There’ a lot of wailing and gnashing of teeth over where the missing workers have gone–by some counts, seven million (boldface mine):
The great mystery of this moment is the labor shortage. America’s GDP is larger than it was in February 2020. But the total economy is down about 7 million workers. That’s akin to the entire labor force of Pennsylvania sitting on the sidelines. In September, the number of people working or actively looking for work mysteriously declined, which is not what you would expect to see in a rapidly growing economy with simmering inflation. Wages are rising. Job openings are everywhere. But we’re running out of people who seem to want a job right now….
That might sound like a stupid question, on account of this is a pandemic. More than 10,000 Americans are still dying of COVID-19 every week. Tens of thousands more are sick from recent infections or lingering symptoms. Millions more might be scared of throwing their body in front of the coronavirus by going back to work among rude customers who might refuse vaccines, masks, or any sense of human decency. Finally, more than 700,000 people have died from COVID-19, and although it’s ghoulish to treat these deaths predominantly as a loss for the labor force, that the virus has killed many American workers is nonetheless undeniable.
One reason I haven’t seen addressed is disability due to ‘long COVID’, debilitating symptoms that last for months (and hopefully not permanently). As I’ll lay out, the author is massively underestimating the number of people with long COVID.
Monday, I wrote about a study which looked at cognitive impairment in people who had tested positive for COVID, and, even among the outpatient group, the percentage of outpatients who had long term cognitive problems was not trivial (at a minimum, five percent). It’s important to note what cognitive impairment means. In one of the tests (there are multiple tests), patients are asked to connect a series of twenty circles on a piece of paper containing the numbers 1-25 in increasing order. A ‘bad score’ is that this task takes around 75 seconds or longer (typically, it takes people around 29 seconds). Unless I were physically impaired (i.e., couldn’t hold the pencil), I can’t imagine this taking 75 seconds. That’s what cognitively impaired means. I can’t imagine holding a job with that level of disability. This is not like having a couple of bad nights of sleep: this is dementia-level impairment (the tests are commonly used to screen for dementia).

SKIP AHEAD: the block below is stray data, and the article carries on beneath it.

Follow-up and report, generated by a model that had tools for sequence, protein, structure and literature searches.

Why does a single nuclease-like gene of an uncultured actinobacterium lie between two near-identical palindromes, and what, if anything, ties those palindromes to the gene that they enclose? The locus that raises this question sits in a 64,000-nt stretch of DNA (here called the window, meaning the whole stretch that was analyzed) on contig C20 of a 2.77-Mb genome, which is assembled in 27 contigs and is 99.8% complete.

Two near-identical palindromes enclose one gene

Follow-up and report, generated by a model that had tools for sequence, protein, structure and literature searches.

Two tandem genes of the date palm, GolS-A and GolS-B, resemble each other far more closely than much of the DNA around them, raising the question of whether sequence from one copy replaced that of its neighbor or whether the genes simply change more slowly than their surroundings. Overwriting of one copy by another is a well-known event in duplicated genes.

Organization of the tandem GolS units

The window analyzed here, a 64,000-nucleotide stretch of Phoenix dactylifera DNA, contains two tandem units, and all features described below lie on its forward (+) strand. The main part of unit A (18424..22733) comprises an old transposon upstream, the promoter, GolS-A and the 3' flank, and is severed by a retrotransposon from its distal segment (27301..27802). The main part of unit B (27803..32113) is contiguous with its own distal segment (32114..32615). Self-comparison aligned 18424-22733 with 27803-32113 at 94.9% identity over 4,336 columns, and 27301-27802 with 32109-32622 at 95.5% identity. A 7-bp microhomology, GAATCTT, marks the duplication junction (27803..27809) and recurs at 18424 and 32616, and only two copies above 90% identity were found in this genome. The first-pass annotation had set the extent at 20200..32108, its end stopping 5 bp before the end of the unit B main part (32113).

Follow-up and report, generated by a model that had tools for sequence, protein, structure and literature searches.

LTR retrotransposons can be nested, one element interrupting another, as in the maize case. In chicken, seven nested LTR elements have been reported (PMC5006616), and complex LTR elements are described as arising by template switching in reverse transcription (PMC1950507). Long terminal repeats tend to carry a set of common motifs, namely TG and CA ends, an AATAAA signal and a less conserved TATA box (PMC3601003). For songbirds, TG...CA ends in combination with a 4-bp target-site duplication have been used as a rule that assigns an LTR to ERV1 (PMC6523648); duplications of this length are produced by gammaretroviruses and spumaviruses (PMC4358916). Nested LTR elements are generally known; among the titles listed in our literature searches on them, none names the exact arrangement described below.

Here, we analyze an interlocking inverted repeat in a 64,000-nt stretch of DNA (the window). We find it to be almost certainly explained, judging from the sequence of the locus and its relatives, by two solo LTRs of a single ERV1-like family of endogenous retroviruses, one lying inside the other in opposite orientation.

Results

Mind you, that study only assessed cognitive impairment, not physical disability like debilitating fatigue or excruciating headaches. It also looked at a younger population (i.e., wasn’t focused on the elderly, or near-elderly). So a reasonable estimate is that five percent of those who have been infected with COVID are suffering from long-term disability. In the U.S., 26 million people aged 18-64 have tested positive for COVID (that would be about 12.5% of that cohort). Given the massive undertesting in many parts of the U.S. (but not D.C.!*), that probably should be at least fifty million. Five percent of that is, well, a lot of people. And that five percent (give or take) will be disproportionately found in certain sectors (haven’t seen any stories about the Great Lawyer Shortage, but I could have missed them…).
Now, you might wonder why that’s not reflected in other statistics, especially since the U.S. has a generous benefits system and doesn’t stigmatize disability, so…
Ok, then. Moving along…
While one can quibble with my numbers (and, of course, they could be higher–five percent might be conservative), the point still remains: there are a lot of workers who can’t work, or whose work options have become (very) restricted. We have to start dealing with this. We also have to stop with the kinder, gentler Greater Barrington Declaration crap some Thinky Thought Leaders are promulgating: a few million long-term or permanently disabled people is worth worrying about, especially in an America as broken and cruel as ours.
*While much of D.C.’s colonial response has been mediocre at best, D.C. really has excelled at testing throughout the pandemic (though the turnaround time, at various points, wasn’t great).